Key Facts: It’s worth noting that much of Hollywood’s portrayal of snipers would fit more in line with Moore’s comments in this instance. Snipers usually make their way into a film as a menace to the heroes, or as complex characters with a deeply ambivalent sense of their own role in combat. It is only in more recent depictions that they have begun to occupy the relatively more straight-foreword role of heroes in films such as Blackhawk Down.

Text: Here is a screenshot of the tweet.



Band of Brothers – Where Are We?

Introduction: This is a scene from the HBO mini-series, Band of Brothers (2001). It takes place in Part 2, “Day of Days” at about the 13 minute mark. In this scene, two paratroopers (Lieutenant. Winters and Private Hall) have just linked up following a night drop into enemy territory during the invasion of Normandy. The following conversation occurs as they look for other U.S. soldiers and try to get their bearings while attempting to evade German defenses.

Key Facts: Different companies within the drop force were supposed to be dropped into different locations. for a variety of reasons (not the least of them being fire from German anti-aircraft guns), many seem to have missed the mark. Lieutenant Winters is from Easy Company (so he is not in D-Company or Able Company).


1) Lieutenant. Winters: “Aren’t you D-Company?”

2) Private Hall: “Able Sir.” (pause) “Guess that means one of us in the wrong drop-zone, sir.”

3) Lieutenant Winters: “Yeah, or both of us.”


Comments: The actual reasoning here is fairly simple, and this is one case where the conventions of argument analysis may lend themselves to unnecessary complication. So, let’s just get on with it.

Statements: We must add two missing assumptions, and each step of the reasoning will require some degree of rewriting to bring out the reasoning. Leaving out the problematic missing assumption, I would suggest the following propositions (each presented in bold).

1) [Missing Assumption: Lieutenant Winters is in Easy Company.]

2) Statement Two: [Private Hall is in Able Company.]

3) [Missing Assumption: Easy Company and Able Company have different drop zones.]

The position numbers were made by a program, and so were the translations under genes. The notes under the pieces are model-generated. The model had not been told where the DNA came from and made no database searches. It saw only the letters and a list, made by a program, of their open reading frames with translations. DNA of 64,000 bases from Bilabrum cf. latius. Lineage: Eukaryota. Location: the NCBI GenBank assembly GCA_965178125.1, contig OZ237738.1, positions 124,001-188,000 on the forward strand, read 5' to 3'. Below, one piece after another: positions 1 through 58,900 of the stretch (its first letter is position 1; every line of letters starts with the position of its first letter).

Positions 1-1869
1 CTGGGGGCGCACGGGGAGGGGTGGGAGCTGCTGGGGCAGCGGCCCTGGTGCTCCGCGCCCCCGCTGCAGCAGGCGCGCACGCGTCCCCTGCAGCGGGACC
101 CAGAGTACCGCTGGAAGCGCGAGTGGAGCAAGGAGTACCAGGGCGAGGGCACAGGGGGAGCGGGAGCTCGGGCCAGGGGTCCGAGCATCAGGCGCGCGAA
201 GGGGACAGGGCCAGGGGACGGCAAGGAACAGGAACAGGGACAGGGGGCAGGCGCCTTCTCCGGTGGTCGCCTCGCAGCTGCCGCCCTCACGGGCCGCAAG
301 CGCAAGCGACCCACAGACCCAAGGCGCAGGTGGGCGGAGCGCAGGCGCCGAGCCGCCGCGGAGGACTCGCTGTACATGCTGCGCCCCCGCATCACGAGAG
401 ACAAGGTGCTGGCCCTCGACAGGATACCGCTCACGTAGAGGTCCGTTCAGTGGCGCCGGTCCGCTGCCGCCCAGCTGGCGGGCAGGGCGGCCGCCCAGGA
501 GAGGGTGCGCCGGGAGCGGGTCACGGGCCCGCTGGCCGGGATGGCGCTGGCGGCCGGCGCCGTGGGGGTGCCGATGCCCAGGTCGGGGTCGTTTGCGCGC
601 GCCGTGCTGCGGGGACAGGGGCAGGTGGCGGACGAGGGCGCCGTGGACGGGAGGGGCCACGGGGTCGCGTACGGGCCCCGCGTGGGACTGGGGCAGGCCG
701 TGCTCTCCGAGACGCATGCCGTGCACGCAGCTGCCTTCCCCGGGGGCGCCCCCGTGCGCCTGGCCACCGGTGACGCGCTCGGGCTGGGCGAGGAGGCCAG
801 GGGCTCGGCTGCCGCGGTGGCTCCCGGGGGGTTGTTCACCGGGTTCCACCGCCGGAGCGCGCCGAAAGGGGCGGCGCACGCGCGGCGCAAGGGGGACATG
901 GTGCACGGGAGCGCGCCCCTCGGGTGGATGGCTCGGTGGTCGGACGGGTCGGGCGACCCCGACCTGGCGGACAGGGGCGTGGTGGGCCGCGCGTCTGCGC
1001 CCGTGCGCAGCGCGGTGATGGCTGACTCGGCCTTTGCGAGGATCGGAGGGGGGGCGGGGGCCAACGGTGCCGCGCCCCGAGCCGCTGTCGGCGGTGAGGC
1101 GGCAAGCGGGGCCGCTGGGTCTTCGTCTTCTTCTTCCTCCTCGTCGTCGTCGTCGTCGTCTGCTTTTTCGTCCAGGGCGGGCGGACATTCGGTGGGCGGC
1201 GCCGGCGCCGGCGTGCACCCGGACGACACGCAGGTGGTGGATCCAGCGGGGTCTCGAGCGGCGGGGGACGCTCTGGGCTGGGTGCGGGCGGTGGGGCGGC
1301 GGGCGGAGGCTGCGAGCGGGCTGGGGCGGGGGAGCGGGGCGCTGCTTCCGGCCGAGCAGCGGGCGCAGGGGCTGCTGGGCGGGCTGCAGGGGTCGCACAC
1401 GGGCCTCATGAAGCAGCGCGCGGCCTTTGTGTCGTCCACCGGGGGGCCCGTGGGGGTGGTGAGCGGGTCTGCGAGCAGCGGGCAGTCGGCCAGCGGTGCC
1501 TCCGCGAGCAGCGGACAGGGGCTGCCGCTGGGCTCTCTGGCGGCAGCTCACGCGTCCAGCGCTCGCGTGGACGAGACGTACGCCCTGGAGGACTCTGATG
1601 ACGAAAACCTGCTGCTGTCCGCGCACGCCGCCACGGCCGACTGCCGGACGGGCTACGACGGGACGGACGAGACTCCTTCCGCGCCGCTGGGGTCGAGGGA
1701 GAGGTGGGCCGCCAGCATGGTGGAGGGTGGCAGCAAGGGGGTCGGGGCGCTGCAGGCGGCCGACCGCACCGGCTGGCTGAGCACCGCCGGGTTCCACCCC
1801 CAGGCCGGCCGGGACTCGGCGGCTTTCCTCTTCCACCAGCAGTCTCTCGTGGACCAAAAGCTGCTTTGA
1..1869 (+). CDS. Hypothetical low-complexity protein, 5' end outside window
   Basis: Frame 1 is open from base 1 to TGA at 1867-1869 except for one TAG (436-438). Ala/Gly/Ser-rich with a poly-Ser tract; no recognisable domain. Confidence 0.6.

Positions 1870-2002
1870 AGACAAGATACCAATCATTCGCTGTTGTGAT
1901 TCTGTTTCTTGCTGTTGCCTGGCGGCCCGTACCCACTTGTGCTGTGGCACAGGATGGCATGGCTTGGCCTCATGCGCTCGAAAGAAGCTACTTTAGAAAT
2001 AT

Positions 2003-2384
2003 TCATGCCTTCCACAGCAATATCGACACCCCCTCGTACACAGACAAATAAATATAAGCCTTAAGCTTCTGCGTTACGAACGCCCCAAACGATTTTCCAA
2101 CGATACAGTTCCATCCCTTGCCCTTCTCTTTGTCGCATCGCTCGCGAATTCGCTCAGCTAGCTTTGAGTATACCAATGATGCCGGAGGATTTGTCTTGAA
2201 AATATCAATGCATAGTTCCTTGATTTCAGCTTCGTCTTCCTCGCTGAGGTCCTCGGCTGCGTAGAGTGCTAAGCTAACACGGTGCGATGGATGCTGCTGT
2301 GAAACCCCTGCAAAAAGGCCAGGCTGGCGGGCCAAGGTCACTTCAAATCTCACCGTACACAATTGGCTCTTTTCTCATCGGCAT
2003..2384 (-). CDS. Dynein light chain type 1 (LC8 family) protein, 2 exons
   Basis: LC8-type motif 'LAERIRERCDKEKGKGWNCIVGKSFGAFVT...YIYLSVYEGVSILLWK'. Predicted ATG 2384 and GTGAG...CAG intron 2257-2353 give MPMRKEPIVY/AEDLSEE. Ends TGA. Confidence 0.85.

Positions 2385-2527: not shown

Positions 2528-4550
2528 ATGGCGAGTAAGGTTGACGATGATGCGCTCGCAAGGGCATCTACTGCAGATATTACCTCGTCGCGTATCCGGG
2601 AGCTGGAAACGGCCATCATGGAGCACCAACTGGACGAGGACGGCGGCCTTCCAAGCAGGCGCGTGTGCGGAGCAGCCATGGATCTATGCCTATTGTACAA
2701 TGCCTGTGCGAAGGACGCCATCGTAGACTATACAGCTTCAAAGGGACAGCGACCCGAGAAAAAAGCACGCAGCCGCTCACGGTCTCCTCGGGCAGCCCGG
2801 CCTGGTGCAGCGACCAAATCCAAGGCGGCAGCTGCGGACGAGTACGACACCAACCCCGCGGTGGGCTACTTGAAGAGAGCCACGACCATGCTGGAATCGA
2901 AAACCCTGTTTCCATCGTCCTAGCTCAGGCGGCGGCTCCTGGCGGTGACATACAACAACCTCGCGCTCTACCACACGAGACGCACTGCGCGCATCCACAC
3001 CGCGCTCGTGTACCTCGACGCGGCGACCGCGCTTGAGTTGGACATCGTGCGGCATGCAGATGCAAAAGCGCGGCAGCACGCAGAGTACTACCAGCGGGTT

4) [Either Lieutenant Winters or Private Hall are in the wrong place.]

5) [Either Lieutenant Winters or Private Hall, or both of them, are in the wrong place.]

Discussion: This is a pretty simple exercise in reasoning. It touches upon dialectics, the reconstruction of missing assumptions, and the fallacy of false alternatives.

Dialectics: The argument illustrates dialectics insofar as the men cooperate to arrive at a common understanding of the issue.

Missing Assertions: Lieutenant Winters’ membership in Easy Company remains unspoken as it is obvious to both parties, as is the assumption that each of the companies in question has a different drop zone. It’s tempting to suggest that Private Hall makes a more serious assumption over the course of the discussion. In the second line, he infers from the fact that each was intended to land in a different drop zone that one of them must be out of place. This might be taken to assume that at least one of them must have landed in the right place. Alternatively, Hall makes no such assumption and the problem arises with his inference that one of them is in the wrong place. His account of the situation would then be incomplete, but it wouldn’t be erroneous. In keeping with the principle of charity, I would suggest going with the latter option as Hall’s specific wording does not commit him to the specific mistake in question.

False Alternatives: Whether it arises in an assumption or an inference, Lieutenant Hall’s conclusion fails to address the possibility that both he and Lieutenant Winters had landed in the wrong place.

Diagram(s): It isn’t clear to me that a visual diagram of the reasoning here is all that necessary or helpful, but for the sake of consistency I thought I should attempt it. After toying with a couple options, I am opting to suggest two simple models, one representing the Reasoning of Private Hall and one that of Lieutenant Winters.

Evaluation: Barring significant revelations from historical specialists, I think we can assume that premises 1, 2, and 3 are true, which leaves the inferences for us to evaluate. Assuming a literal interpretation of statement 4, support the inference in Private Hall’s reasoning would be weak at best, leaving an unsound argument. Support for the inference in Lieutenant Winter’s reasoning would seem to be deductively valid, though perhaps one could find a fiddly argument to bring it down to a rating of strong. In either event, Lieutenant Winter’s reasoning appears to be sound.

Final Thoughts: This kind of reasoning is more common in real life than it is in logic textbooks. The two men build on each others’ statements to achieve a common understanding. In the final turn, Lieutenant Winters does not so much tell Private Hall that he has made a mistake as simply suggest a better conclusion. As the narrative unfolds, Hall introduces a potential mistake and Winters simply sets it aside. As a food-for-thought kind of question, one might follow this example by asking students to think about the the varieties of context in which bypassing criticism would be more wise than direct confrontation. Conversely, one might ask if there are contexts in which direct criticism would be more useful.